Employee disciplinary policies are essential in today's workplace.
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The days of informal conversations and undocumented discipline are long gone. If you don't have a carefully designed discipline strategy, your company may have considerable legal exposure.
Employee warning notices are often the first stop in what may eventually become a prolonged discipline process. In many cases, warning notices provide sufficient incentives for the employee to improve performance or to correct inappropriate behaviors. However, in other instances warning letters lay the foundation for later termination.
Since the information contained in your company's employee warning notices may have legal consequences down the road, warning forms and letters should be standardized throughout the organization. Here are a few things to consider when it's time to create standard employee warning notices in your small business.
- Nature of notice. Employee warning notices come in several different forms, so it's important for your form or letter to accurately identify its nature. First warning letters are a proper follow-up to an initial disciplinary conversation. Second warning letters, on the other hand, may be the final notice before termination.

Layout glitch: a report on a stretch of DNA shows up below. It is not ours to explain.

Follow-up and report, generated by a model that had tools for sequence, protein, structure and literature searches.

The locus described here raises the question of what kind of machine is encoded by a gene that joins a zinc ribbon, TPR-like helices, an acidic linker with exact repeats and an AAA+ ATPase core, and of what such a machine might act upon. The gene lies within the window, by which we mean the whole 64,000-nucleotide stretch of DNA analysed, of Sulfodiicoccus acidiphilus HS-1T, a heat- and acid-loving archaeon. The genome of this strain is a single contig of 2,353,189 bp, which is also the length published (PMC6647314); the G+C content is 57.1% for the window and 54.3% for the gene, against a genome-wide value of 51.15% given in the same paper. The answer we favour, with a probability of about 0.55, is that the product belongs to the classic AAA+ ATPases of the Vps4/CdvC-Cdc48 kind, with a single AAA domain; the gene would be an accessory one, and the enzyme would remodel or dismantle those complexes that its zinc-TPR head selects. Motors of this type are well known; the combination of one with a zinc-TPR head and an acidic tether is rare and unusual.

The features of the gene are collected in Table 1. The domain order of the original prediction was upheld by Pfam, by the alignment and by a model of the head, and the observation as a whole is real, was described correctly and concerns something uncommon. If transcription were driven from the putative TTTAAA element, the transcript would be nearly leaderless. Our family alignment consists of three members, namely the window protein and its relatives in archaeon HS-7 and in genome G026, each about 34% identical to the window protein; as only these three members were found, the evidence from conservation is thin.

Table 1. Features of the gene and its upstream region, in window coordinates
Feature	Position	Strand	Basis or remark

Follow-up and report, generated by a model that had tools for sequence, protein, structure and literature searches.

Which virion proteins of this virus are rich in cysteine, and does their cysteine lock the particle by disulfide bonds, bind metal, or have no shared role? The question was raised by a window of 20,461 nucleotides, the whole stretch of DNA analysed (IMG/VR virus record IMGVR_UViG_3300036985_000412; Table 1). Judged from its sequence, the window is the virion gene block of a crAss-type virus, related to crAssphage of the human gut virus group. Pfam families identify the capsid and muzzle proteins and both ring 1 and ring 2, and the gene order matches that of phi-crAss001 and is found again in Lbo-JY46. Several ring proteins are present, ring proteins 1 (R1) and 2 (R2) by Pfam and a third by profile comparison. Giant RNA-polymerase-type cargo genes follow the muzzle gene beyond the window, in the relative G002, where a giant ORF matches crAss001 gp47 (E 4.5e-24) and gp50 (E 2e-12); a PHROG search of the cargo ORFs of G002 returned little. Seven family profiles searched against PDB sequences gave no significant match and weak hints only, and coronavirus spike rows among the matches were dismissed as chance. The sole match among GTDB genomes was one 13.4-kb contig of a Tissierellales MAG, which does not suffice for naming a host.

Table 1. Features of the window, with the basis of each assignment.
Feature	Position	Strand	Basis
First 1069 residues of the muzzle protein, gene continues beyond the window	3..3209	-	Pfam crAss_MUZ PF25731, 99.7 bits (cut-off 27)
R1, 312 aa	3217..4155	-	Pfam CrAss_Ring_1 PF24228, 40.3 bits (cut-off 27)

- Background. If this isn't the first time the problem has been addressed, the warning notice or form should have a space for the supervisor to provide a brief recitation of background history including meetings, notices and action items.
- Problem identification. Your company's employee warning notices should provide ample space for supervisors to identify the precise nature of the problem. You will also want to leave blank space in this section so the supervisor can document the details of the events that led up to the current disciplinary action.
- Corrective actions. The corrective action section describes the action steps that are required to correct the current behavior or performance issue. If these steps involve management or other supervisors, it's critical to make sure everyone understands their role in the process.
- Deadlines. Employee warning notices have to articulate deadlines for improvement and the consequences if those deadlines aren't met. Instruct supervisors to be realistic about these deadlines since they can have legal ramifications down the road.
- Follow-up statement. A good warning notice officially states appropriate follow-up procedures in the form of monitoring, probation or other management activities.